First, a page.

This book explains the stages necessary to create a wavelet compression system for images and describes state-of-the-art systems used in image compression standards and current research. It starts with a high level discussion of the properties of the wavelet transform, especially the decomposition into multi-resolution subbands. It continues with an exposition of the null-zone, uniform quantization used in most subband coding systems and the optimal allocation of bitrate to the different subbands. Then the image compression systems of the FBI Fingerprint Compression Standard and the JPEG2000 Standard are described in detail. Following that, the set partitioning coders SPECK and SPIHT, and EZW are explained in detail and compared via a fictitious wavelet transform in actions and number of bits coded in a single pass in the top bit plane. The presentation teaches that, besides producing efficient compression, these coding systems, except for the FBI Standard, are capable of writing bit streams that have attributes of rate scalability, resolution scalability, and random access decoding. Many diagrams and tables accompany the text to aid understanding. The book is generous in pointing out references and resources to help the reader who wishes to expand his knowledge, know the origins of the methods, or find resources for running the various algorithms or building his own coding system.
Table of Contents
Characteristics of the Wavelet Transform
Generic Wavelet-based Coding Systems
The FBI Fingerprint Image Compression Standard
Set Partition Embedded Block (SPECK) Coding
Tree-based Wavelet Transform Coding Systems
Rate Control for Embedded Block Coders
About the Author(s)William Pearlman
, Rensselaer Polytechnic Institute
William A. Pearlman is currently Professor Emeritus in the Electrical, Computer and Systems Engineering at Rensselaer Polytechnic Institute (RPI). He obtained B.S. and M.S. degrees from MIT in 1963 and his Ph.D. degree from Stanford University in 1974. He joined RPI in 1979 and became Professor in 1988. Prior to joining RPI, he had been a faculty member at the University of Wisconsin-Madison for five years. In addition, he had held industrial positions at Lockheed Missiles and Space Company and GTE-Sylvania and has consulted for several organizations. He has authored or co-authored more than 200 publications in the fields of signal, image and video compression, information theory, communications theory, and digital signal processing. He is a Fellow of the Institute of Electrical and Electronics Engineers (IEEE) and of SPIE The International Society for Optical Engineering. At Visual Communications and Image Processing (VCIP) 2010 in Huangshan, China, where he was keynote speaker, he was presented a Certificate of Appreciation in recognition of his leadership and contributions to this conference since its inception in 1986. He received the IEEE Circuits and Systems Society 1998 Video Technology Transactions Best Paper Award and the IEEE Signal Processing Society 1998 Best Paper Award in the Area of Multidimensional Signal and Image Processing. He is co-inventor of two celebrated image compression algorithms, Set Partitioning in Hierarchical Trees (SPIHT) and Set Partitioning Embedded Block (SPECK) coding. In 2001, he received the Robert Bosch Foundation Award in Appreciation of Outstanding Works in the Field of Picture Coding. He has also delivered several keynote or invited plenary lectures on topics in signal compression and is lead author of the recent textbook, Digital Signal Compression: Principles and Practice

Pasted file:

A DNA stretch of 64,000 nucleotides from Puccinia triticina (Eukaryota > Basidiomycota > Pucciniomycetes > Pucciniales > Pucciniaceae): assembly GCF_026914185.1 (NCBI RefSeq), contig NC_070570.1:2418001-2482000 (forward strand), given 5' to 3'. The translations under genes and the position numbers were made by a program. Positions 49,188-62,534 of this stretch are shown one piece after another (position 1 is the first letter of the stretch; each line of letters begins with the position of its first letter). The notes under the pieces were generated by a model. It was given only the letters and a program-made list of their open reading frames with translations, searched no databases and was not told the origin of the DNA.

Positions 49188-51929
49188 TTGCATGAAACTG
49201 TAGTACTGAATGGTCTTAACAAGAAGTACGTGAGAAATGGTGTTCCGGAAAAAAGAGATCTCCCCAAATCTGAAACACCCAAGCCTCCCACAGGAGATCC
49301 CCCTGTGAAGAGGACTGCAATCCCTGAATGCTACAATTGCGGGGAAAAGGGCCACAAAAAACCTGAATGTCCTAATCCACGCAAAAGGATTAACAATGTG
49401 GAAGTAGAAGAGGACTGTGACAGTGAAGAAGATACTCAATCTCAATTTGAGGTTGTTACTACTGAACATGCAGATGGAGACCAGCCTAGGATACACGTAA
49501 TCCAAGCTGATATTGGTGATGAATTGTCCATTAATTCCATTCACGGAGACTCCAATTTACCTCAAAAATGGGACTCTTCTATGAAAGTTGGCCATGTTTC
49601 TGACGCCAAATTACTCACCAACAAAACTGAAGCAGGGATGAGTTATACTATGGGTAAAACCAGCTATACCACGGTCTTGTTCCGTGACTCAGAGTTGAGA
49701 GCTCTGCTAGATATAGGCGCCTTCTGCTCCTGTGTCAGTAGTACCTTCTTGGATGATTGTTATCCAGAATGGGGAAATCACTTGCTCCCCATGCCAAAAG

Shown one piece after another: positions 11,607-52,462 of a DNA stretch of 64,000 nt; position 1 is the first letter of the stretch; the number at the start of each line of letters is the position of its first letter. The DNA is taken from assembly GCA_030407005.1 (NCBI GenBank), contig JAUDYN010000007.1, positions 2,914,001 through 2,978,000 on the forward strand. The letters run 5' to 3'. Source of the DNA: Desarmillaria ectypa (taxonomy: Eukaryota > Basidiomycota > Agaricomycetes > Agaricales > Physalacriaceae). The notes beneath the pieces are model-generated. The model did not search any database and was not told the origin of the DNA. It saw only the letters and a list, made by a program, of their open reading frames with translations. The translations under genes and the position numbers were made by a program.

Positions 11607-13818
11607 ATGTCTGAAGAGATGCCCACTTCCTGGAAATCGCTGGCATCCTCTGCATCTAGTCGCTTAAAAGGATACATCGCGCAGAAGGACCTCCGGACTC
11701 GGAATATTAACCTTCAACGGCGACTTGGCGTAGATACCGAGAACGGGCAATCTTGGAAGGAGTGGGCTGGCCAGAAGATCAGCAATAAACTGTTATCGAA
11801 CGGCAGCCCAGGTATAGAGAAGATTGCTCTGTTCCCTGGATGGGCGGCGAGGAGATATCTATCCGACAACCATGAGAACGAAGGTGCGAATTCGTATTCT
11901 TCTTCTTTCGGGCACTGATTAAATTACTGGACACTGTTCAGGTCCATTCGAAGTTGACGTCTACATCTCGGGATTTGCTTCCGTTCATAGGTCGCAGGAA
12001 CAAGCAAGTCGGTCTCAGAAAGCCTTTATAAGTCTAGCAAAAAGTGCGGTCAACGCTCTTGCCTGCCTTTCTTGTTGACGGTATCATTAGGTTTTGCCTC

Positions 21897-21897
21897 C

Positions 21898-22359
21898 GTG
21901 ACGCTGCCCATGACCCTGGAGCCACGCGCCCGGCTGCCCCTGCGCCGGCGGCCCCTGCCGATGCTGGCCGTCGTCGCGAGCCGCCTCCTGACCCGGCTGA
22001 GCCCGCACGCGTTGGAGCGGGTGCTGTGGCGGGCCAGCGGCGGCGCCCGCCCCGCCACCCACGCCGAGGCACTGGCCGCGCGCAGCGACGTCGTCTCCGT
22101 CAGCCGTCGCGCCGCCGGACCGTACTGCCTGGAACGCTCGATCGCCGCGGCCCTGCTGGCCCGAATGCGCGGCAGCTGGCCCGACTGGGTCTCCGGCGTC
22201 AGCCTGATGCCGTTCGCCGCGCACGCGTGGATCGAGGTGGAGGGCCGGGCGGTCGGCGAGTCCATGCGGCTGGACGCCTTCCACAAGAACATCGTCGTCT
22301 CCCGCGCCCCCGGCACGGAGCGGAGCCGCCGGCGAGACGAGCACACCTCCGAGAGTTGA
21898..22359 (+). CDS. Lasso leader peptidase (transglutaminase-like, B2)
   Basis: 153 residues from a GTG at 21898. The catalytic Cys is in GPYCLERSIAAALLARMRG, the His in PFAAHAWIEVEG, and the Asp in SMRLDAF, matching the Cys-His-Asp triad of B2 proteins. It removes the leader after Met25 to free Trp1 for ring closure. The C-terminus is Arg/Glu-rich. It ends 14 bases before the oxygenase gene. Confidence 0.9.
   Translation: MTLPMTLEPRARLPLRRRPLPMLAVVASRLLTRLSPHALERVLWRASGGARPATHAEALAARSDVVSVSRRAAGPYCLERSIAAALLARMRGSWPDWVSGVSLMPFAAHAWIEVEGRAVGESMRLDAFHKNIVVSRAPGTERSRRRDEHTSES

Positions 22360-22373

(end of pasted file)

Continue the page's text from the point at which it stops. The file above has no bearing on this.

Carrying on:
, with co-author Amir Said, published by Cambridge University Press. He is also founder, president, and chief scientific officer of PrimaComp, Inc., a company that specializes in developing innovative software for signal and image compression.